Bamboos (Phyllostachys aurea)
'Miller, J.H., E.B, Chambliss, N.J. Loewenstein. 2010. A Field Guide for the Identification of Invasive Plants in Southern Forests. General Technical Report SRS-119. Asheville, NC. United States Department of Agriculture, Forest Service. 126 p.
Perennial infestation-forming bamboos, 16 to 40 feet (5 to 12 m) in height, with jointed cane stems and whorls of branches at each node. Bushy tops of lanceolate leaves along branches, in fan clusters, often golden green. Plants arising from branched rhizomes.
Solid jointed canes 1 to 6 inches (2.5 to 15 cm) in diameter. Hollow between joints. Golden to green to black. Branches wiry and projecting from joints. Lower shoots and branches with loose papery sheaths that cover the ground when shed.
Alternate, grasslike, often in fan clusters. Blades long and lanceolate, 3 to 10 inches (8 to 25 cm) long and 0.5 to 1.5 inches (1.3 to 4 cm) wide. Often golden, sometimes green or variegated. Veins parallel. Hairless except for large hairs at base of petiole, which shed with age. Deciduous sheaths encasing stem.
Flowers very rarely.
Seeds very rarely.
Common around old homesites and now escaped. Colonize by rhizomes and less so by stolons with infestations rapidly expanding after disturbance. General dieback after period flowering and seeding (about every 7 to 12 years) resulting in standing dead canes and new shoots.
Resembles switchcane [Arundinaria gigantea (Walter) Muhl. and other native Arundinaria spp.], the only native bamboolike canes in the South, distinguished by its persistent sheaths on the stem, short alternate branches or branch clusters, and its lower height —usually only 6 to 8 feet (2 to 2.5 m). Also resemble giant reed (Arundo donax L.), also described in this book.
History and use
All native to Asia. Widely planted as ornamentals and for fishing poles.
Found throughout the region with scattered dense infestations in every State.
- Do not plant. Remove prior plantings.
- Bulldoze and root rake to excavate root crowns and rhizomes, pile, and burn. Caution: Do not bulldoze bamboo infestations where blackbird species frequently roost because the infectious fungus, histoplasmosis can be present in the soil and cause deadly lung infections.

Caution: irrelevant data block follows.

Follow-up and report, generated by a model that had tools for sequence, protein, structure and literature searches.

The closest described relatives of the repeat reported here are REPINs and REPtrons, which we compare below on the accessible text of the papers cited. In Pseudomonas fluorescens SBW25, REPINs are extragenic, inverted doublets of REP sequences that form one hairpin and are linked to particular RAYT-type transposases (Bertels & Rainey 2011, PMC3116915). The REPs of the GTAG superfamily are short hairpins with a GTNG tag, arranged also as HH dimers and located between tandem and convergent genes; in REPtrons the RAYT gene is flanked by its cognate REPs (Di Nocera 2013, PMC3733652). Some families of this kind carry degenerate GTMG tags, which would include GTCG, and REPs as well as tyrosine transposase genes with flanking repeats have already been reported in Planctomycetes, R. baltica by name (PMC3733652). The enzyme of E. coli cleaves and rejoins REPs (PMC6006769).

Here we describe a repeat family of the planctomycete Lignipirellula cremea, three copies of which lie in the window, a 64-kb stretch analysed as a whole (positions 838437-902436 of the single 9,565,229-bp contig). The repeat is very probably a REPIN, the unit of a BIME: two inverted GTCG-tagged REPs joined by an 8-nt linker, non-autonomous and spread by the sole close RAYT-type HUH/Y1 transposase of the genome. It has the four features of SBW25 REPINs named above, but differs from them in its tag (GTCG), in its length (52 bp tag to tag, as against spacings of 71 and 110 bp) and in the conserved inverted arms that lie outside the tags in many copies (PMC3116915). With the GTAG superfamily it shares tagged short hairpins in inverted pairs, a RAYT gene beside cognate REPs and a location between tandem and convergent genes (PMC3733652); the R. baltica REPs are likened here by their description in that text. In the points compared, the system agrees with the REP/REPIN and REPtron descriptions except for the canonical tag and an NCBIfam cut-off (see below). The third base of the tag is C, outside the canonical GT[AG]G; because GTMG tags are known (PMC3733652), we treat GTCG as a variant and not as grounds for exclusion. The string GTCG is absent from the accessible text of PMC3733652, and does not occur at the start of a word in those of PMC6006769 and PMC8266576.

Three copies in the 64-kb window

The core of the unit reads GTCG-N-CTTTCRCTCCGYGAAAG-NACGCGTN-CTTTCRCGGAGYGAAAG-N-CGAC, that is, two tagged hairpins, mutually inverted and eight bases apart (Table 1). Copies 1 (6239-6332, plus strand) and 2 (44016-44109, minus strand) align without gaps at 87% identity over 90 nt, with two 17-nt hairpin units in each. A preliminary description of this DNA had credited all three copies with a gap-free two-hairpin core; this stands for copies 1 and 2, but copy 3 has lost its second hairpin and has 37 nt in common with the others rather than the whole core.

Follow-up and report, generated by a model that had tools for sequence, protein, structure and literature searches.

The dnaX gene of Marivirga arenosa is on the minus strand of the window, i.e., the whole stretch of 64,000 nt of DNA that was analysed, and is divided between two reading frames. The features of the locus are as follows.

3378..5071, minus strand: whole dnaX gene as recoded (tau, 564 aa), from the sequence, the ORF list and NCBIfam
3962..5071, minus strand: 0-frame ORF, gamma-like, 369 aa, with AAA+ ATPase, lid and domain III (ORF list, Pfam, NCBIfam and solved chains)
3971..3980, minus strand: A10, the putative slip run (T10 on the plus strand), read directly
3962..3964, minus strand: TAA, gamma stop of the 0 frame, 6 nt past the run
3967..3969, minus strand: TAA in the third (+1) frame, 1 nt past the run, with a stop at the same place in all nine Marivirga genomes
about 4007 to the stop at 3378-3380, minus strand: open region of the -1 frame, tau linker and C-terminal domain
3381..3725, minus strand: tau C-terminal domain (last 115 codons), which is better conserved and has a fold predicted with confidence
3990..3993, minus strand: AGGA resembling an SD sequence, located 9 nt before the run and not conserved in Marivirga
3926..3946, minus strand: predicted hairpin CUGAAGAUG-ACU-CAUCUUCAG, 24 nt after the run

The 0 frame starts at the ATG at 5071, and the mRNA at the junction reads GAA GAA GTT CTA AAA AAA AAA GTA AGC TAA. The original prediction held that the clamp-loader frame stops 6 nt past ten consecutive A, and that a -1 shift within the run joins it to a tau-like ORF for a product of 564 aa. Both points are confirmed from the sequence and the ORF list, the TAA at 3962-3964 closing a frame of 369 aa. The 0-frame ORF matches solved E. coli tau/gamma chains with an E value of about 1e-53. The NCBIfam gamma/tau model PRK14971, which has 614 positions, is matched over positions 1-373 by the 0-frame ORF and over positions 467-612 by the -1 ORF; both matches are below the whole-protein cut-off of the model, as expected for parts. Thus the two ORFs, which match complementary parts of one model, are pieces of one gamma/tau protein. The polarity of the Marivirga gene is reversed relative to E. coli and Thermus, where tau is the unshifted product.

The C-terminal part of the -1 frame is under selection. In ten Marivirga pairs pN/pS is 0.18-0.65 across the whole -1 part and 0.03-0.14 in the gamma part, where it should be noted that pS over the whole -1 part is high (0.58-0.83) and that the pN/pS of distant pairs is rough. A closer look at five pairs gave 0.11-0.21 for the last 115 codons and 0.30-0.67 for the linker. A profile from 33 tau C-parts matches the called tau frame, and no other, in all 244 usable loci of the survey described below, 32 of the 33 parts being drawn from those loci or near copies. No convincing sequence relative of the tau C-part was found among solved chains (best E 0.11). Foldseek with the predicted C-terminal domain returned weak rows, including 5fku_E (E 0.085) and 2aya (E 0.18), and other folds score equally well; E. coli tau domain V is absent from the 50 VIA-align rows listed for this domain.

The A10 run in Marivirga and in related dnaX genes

- Repeated cutting to groundline will not yield control but can assist herbicide applications to resprouts.
- Burning treatments are suspected of having minimal topkill effect due to scant litter.
Recommended control procedures
- Cut large stems and apply foliar sprays to resprout tips when plants are 3 to 4 feet tall, or use restricted spray nozzles and increased spray pressures to treat leaves as high as possible. When damage of nontarget plants is a concern, repeatedly apply a glyphosate herbicide as a 10-percent solution (1 quart per 3-gallon mix) in water with a surfactant. When there are no concerns of nontarget plant damage, thoroughly wet all leaves and sprouts with Arsenal AC* as a 1-percent solution (4 ounces per 3-gallon mix) in water with a surfactant. For greatest effectiveness, use a combination of the two herbicides. Treat in September or October with multiple applications to regrowth when adequate foliage is present.
- Cut just above ground level between stem sections and immediately apply into the stem cup a double-strength batch of the same herbicide or herbicide mixture in September or October.
- For treatment of extensive infestations in forest situations, apply Velpar L* to the soil surface as spots in a grid pattern at spacings specified on the herbicide label at 2 gallons of herbicide per acre.
* Nontarget plants may be killed or injured by root uptake.